For whom the bell tolls


Renoir – Le Moulin de la Galette


Time flies. Soon after France lost the final of the European football Championship, it was National Day and the yearly enjoyment in the Tour de France with its drugged cyclists – as usual. It was a cold 14 July, with clouds and bitter wind but the military parade on the Champs Elysées went on as usual, followed by the same stilted interview of the President by carefully chosen journalists, and the French went on with their holiday life.

The days when France almost stops in her yearly summer siesta were beginning, although they have not the wholehearted and childish joyous unconsciousness of the 1960s and 1970s. At least, to compensate the ever growing “no more holidays at the seaside”, there is the barbecue and the plancha, the discount supermarkets where you can buy at reduced price meat, ready-made salads and  ice-creams, and goods you may turn into junk food.

After the barbecue, there is always the possibility of the local ball (perhaps) and the fireworks (surely). Then, refreshed by such festivities, the French retire for the night and for a well-earned sleep. Another Fête nationale of which the initial meaning has long been lost.

Corot – Fireworks

But it was not to be yesterday. At eleven o’clock at night, while the fireworks were in full swing in the whole country, a lorry made its way on the Promenade des Anglais in Nice. It was another terrorist attack for all we know that left eighty-four dead (among them ten children and youths), two hundred and two people suffering from injuries (among whom fifty-two people in critical condition) Several were children and families as it was a popular and all-age attraction.

The country is shocked. The President went for another speech. Emergency state has been proclaimed for three more months. The lorry driver was killed by the police during the shooting following the attack, and then was said to be Tunisian with French roots. Condolences and sympathy come from around the Earth, expressed by Heads of States, friends or total strangers. Debates are flaming: should the French stop the arrival of migrants? Should migrants be called refugees? Should France expatriate all foreigners, following the example of some fanatic Brexit proponents (including in a rash moment the new, non-elected, Prime Minister). What about the gun control (and there, a look towards the USA)? Are the terrorists French and bred on French soil? Are all Muslims terrorists? Are all French racists?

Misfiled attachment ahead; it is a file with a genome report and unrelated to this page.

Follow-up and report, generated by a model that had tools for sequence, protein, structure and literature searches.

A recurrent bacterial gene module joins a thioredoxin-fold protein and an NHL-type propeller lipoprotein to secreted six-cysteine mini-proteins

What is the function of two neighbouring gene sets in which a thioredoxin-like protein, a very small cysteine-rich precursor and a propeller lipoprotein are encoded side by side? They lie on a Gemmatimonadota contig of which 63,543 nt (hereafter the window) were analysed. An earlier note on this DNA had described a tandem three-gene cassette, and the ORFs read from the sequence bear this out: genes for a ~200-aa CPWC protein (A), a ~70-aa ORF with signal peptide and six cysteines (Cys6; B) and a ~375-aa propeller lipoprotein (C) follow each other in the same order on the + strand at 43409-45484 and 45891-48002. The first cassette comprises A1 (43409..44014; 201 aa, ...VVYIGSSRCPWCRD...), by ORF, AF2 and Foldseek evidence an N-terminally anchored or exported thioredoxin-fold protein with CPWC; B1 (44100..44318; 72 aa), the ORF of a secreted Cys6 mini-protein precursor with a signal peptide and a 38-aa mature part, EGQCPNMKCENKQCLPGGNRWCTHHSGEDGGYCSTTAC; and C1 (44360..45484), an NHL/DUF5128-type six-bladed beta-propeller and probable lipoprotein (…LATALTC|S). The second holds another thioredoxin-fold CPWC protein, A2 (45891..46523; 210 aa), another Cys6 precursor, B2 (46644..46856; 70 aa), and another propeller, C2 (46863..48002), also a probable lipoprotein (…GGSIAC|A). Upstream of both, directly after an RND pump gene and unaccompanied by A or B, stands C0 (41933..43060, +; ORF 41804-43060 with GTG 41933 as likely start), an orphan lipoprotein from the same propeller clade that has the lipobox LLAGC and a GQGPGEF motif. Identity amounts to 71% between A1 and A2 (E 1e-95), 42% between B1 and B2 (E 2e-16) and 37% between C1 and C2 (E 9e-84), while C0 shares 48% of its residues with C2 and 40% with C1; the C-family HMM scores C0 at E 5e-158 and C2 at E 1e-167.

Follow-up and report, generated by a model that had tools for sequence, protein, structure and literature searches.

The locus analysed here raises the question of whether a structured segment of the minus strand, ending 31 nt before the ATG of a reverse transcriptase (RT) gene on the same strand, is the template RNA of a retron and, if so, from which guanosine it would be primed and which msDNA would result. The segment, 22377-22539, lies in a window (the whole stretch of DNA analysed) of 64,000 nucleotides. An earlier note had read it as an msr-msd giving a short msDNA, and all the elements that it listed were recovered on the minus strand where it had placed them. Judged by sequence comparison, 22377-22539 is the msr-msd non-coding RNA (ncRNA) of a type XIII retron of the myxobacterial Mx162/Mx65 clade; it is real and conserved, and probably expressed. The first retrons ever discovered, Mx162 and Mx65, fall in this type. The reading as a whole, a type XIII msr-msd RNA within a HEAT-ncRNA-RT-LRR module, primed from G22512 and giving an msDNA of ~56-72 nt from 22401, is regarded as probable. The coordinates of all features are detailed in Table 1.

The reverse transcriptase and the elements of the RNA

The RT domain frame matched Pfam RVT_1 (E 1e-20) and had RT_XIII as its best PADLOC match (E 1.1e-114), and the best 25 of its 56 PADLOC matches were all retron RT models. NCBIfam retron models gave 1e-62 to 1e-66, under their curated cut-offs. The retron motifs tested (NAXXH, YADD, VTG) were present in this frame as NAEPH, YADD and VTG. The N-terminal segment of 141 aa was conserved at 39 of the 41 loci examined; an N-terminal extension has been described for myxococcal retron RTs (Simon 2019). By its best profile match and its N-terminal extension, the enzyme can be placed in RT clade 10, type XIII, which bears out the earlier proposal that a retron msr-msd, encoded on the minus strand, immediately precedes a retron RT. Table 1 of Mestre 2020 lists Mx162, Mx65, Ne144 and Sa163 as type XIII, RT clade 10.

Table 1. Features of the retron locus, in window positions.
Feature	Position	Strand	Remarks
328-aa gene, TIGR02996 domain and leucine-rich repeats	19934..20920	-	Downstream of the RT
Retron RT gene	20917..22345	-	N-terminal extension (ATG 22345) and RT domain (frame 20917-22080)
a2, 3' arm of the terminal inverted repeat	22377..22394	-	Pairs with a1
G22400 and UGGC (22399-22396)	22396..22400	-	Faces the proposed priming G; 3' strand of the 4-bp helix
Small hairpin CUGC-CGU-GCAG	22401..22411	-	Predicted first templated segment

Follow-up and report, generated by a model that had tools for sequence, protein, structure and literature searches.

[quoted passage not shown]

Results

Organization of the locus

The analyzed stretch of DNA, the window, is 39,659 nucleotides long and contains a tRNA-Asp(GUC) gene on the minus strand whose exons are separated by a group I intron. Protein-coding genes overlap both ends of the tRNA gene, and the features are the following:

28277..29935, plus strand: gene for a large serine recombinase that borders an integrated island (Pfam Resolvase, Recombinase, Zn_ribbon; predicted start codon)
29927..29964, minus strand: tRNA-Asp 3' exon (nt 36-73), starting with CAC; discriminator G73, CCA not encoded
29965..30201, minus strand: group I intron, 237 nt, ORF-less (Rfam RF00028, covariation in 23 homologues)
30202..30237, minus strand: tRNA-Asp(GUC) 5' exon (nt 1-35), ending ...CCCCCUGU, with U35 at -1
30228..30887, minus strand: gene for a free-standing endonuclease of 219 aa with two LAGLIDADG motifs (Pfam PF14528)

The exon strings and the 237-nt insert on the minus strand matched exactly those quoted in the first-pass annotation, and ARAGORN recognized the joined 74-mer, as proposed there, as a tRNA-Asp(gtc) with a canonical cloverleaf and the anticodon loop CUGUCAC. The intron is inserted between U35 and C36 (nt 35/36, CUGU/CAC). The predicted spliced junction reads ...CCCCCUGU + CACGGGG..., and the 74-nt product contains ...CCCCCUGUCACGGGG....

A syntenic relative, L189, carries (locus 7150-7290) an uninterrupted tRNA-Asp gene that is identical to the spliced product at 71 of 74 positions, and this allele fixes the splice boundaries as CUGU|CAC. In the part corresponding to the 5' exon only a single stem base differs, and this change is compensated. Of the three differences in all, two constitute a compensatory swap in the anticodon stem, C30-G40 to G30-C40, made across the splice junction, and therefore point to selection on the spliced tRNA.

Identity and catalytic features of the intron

More generally and to sum up all interrogations, is the country going to the dogs?

I have no answer. Nobody has any answer. We have no global view of the entire situation, which is worldwide, political, economic, perhaps religious (if religion is not used as a tool), long-standing, part of the fall of the colonial Empires, of the resurgence of tribal wars, of new wars created by greedy countries for economic reasons in the 1980s and 1990s, for pious reasons including Western ideas of democracy and Human Rights covering starker money-bound reasons in the 2000s. Public opinions are manipulated. The peoples are lied to. Extremes are rising up their ugly and venomous heads. Reason is forgotten. Law is violated. The people are pitted against each other.

Otto Dix – La Guerre

Slowly, very slowly, the tension is growing, and as a wheel that gets idler and rolls faster and faster, we are heading towards another world war. The demographic regulation needs it. The economic regulation needs it. The financial and industrial groups and individuals wish it.